James Agee, in particular, was the catalyst for some serious mental gymnastics as I struggled to help Liora find a suitable translation for the words “this side the ground”. In fact – and this just goes to show how a fresh pair of eyes, not necessarily those of a native English speaker, can contribute to our understanding of a work (we think) we know well – it was Liora’s Hebrew translation that made me realise that “the late year” is to be understood as meaning “last year”, rather than referring to the later months of the year (which had never made sense to me before). Now I could kick myself for not having seen it earlier! ;-)
Sure on this shining night
Of star made shadows round,
Kindness must watch for me
This side the ground.
The late year lies down the north.
All is healed, all is health.
High summer holds the earth.
Hearts all whole.
Sure on this shining night
I weep for wonder wand’ring far alone
Of shadows on the stars.
Amazingly, it was only when preparing this post that I discovered that the song lyrics are only a small part of a much longer poem!
Yet another American poet of whom I had never heard until Kate brought us a setting of the beautiful Grace Before Sleep by contemporary American composer Susan LaBarr (of whom I had also not heard until now) was Sara Teasdale. My research on the latter was a striking example of the way a Google search can lead one, link by link, into what I have already described as “a labyrinth”. Sara Teasdale led me to Vachel Lindsay, previously unknown to me and he, in turn, led me to Langston Hughes whose novel, Not Without Laughter, I have read and enjoyed but with whose poetry, I am not familiar. Who knows where else my researches will lead me?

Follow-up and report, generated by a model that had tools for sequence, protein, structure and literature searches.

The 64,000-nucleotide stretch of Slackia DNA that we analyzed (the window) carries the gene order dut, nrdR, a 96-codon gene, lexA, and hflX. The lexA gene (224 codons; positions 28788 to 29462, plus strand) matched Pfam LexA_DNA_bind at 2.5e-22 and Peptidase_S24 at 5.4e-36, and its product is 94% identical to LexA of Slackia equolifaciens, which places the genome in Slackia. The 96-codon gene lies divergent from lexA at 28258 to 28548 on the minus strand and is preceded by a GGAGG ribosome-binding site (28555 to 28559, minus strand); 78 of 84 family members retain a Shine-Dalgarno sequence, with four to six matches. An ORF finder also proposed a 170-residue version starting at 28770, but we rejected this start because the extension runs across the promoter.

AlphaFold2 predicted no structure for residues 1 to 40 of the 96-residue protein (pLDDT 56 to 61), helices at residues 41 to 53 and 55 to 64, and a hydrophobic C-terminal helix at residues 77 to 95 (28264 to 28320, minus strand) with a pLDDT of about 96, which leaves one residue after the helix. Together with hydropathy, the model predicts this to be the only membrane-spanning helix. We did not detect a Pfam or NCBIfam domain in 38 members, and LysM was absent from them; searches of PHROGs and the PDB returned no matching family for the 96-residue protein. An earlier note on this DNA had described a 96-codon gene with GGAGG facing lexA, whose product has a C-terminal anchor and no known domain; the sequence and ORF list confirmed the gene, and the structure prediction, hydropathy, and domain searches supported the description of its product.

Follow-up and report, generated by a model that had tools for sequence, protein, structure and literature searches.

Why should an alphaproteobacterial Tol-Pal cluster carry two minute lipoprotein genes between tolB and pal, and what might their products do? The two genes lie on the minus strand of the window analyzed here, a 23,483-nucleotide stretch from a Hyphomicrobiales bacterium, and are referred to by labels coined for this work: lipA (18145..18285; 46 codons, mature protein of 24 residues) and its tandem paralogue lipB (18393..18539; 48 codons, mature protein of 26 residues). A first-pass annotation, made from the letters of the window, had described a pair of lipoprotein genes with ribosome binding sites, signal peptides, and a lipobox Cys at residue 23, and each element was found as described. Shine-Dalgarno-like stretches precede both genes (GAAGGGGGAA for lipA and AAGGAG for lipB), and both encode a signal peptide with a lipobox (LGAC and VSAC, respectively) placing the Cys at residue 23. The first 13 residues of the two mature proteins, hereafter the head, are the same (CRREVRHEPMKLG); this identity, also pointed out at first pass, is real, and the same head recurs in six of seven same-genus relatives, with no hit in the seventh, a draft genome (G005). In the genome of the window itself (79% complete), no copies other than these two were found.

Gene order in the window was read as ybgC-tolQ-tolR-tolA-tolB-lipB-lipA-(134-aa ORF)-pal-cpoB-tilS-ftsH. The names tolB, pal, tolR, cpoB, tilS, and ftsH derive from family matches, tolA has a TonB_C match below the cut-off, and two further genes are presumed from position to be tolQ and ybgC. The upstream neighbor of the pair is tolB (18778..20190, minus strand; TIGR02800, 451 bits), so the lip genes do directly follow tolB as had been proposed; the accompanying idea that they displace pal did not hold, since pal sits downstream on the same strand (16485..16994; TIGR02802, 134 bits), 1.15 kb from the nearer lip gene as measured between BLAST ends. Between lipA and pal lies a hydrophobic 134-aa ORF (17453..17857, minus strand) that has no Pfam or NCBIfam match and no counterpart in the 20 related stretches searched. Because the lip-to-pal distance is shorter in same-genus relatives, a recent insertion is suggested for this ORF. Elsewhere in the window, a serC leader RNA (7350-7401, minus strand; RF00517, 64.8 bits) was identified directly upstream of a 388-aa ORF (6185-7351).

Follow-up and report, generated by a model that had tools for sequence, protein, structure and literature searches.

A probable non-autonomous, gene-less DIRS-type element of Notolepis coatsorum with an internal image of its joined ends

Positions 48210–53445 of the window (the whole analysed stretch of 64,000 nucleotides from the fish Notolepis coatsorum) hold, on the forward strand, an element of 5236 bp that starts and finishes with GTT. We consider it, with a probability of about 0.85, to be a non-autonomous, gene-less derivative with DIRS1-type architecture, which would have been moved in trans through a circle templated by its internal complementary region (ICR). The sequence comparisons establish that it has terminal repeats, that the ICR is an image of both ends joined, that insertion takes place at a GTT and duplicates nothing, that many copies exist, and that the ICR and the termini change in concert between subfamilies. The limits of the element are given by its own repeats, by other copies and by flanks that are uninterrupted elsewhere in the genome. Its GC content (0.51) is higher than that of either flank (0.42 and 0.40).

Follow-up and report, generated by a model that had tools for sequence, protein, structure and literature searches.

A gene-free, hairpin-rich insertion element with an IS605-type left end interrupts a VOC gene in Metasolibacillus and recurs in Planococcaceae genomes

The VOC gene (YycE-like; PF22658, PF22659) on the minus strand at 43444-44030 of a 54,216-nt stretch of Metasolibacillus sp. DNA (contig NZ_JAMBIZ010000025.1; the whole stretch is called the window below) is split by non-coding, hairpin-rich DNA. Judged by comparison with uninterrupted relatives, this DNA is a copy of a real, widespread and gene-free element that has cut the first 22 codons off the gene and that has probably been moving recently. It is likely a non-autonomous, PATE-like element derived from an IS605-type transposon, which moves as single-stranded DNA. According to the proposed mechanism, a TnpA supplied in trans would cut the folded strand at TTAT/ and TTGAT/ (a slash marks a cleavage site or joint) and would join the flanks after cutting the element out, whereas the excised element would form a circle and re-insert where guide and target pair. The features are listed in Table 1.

Other pieces performed included two songs by the Renaissance era French composer Clément Janequin, a song in an Australian aboriginal language, Tungarre, by Stephen Leek (with which we opened the concert, singing it as we entered, in procession), an arrangement by Paul Ben-Haim of the Ladino romance La Rosa and a setting by the young American (Jewish?) composer, David Asher Brown of Shelley’s To The Moonbeam.
Nor were our own, Jewish, sources neglected. Besides contemporary settings of verses from The Song of Songs by the Anglo-Canadian composer Healey Willan, the American Daniel Pinkham, and the recently-deceased Israeli composer, Yehezkel Braun (whose niece is a member of our choir), the Book of Psalms also figured prominently in our programme, with settings in Latin and English, as well as the original Hebrew. Besides Salomone Rossi’s early Baroque setting of Psalm 146, we sang a Latin setting of the first three verses of Psalm 96 by his German contemporary, Hans Leo Hassler:
The Psalms are a perennial favourite, and always relevant, even in contemporary times, as we can see from Bobby McFerrin’s “feminist” setting of the 23rd Psalm.
I will leave you with the Jerusalem Oratorio Chamber Choir performing a hypnotic, canonic setting based on a traditional Oriental melody, by Israeli composer Ofer Ben Amots, of Psalm 137. I think that, in these times, when our enemies and even the “enlightened” countries of the West, are disputing the inaliable right of the Jewish people to our capital, Jerusalem, it is as well to remind everyone that even throughout the long Exile from our land, our eyes were ever turned, in hope, to Zion.
By the rivers of Babylon, there we sat down,
Yea, we wept, when we remembered Zion.
If I forget thee, O Jerusalem,
Let my right hand forget her cunning.
If I do not remember thee…
Happy Chanucah חג אורים שמח